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T head engine by Brian

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  • If I'm bored next week, I may make a cooling fan for it. This won't be anything new, it will be very similar to the cooling fan I made for my vertical engine. These fans put out a lot more wind than you would think. When the engine is running at 1000 rpm, the fan is turning at about 5600 rpm.
    Brian Rupnow
    Design engineer
    Barrie, Ontario, Canada

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    • Congratulations Brian on another good runner, that an the fact it looks absolutely great!
      Nice to see that you didn't have to engage in a lot of hand wringing in order to get it running well.

      Not sure how much run time you have on it yet but I'm sure you've probably seen it loosen up a bit already.
      How's the compression seem now that it's got a bit of time on it?

      I gotta ask......
      What's next?
      Home, down in the valley behind the Red Angus
      Bad Decisions Make Good Stories​

      Location: British Columbia

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      • Another excellent project, thank you Brian.
        Last edited by The Artful Bodger; 09-06-2021, 05:09 PM.

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        • Thank you guys. Here is the true story of the cam and valve timing that I use for all of my gasoline engines. This cam is longer than the most cams are, but the profile is exactly the same. I use the same profile for both intake and exhaust valves. I use this profile for flathead, T-head, overhead valve and overhead cam engines. It works fine for all of them. You can see on the drawing that only 120 degrees of this cam has any effect on the lifter or pushrod. Since there is a 2:1 ratio between the camshaft and crankshaft, that means that this cam actually has 240 degrees of influence on the engine. I set my exhaust valve to begin opening 40 degrees before the piston reaches bottom dead center on the power stroke. Due to the cam profile, the exhaust valve will begin closing 20 degrees after top dead center on the intake stroke. The intake valve begins to open 15 degrees before top dead center on the exhaust stroke, remains open throughout the entire intake stroke, and closes 45 degrees after bottom dead center on the compression stroke. The ignition timing is set to spark 12 degrees before top dead center on the power stroke.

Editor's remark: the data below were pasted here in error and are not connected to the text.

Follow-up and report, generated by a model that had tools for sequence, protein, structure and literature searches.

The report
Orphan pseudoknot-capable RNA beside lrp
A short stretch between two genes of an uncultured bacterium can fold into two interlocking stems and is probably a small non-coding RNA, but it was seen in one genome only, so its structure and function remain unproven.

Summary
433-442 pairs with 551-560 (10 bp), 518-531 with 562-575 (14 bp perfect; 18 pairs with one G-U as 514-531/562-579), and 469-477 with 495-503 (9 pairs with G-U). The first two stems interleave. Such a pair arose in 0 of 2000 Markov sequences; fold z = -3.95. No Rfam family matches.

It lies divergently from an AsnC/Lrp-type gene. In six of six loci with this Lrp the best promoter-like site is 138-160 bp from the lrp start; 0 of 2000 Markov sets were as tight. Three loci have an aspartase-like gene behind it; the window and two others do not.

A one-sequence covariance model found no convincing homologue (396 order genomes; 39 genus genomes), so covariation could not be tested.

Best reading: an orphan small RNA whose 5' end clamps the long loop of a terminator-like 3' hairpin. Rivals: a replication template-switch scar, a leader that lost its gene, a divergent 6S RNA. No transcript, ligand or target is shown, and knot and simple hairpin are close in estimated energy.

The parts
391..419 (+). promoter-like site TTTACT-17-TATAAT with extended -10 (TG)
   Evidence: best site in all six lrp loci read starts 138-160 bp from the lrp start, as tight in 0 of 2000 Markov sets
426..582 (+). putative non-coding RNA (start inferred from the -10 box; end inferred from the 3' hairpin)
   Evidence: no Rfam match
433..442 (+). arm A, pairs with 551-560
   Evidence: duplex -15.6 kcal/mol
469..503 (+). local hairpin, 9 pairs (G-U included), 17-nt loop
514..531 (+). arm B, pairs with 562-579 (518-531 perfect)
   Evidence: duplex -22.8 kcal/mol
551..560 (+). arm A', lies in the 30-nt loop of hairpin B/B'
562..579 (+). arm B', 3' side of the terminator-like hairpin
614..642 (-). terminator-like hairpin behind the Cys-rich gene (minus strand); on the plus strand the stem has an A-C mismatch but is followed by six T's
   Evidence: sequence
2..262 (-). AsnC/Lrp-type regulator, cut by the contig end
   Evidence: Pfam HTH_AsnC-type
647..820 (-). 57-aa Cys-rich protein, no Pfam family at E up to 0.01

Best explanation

Brian Rupnow
          Design engineer
          Barrie, Ontario, Canada

          Comment


          • Sounds great, looks great. Congrats on another engine this time with your own rings.
            Thanks tor taking us along for the ride.
            Glenn Bird

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            • Now, for something a little different----I had trouble cutting the cams for this engine on my manual mill. The main reason for this was the extreme overall length of the cams. I appealed for someone with CNC capabilities to make me a set of cams in exchange for a set of engine plans. Sid stepped up and machined a beautiful pair of cams for me, but doesn't want the plans. He asked that a free set of plans be given to someone else who wanted them. Okay, I'm going to do that. The only stipulation I would ask for, is that whoever gets the free plan set must start a thread on building the engine and post it here for us to follow. So, who will it be?--If you want a complete set of engineering drawings for this engine, and will post a thread on this forum to show us your progress, then let me know. I am going to send a free plan set to whoever speaks up first, as long as they can meet my conditions.----Brian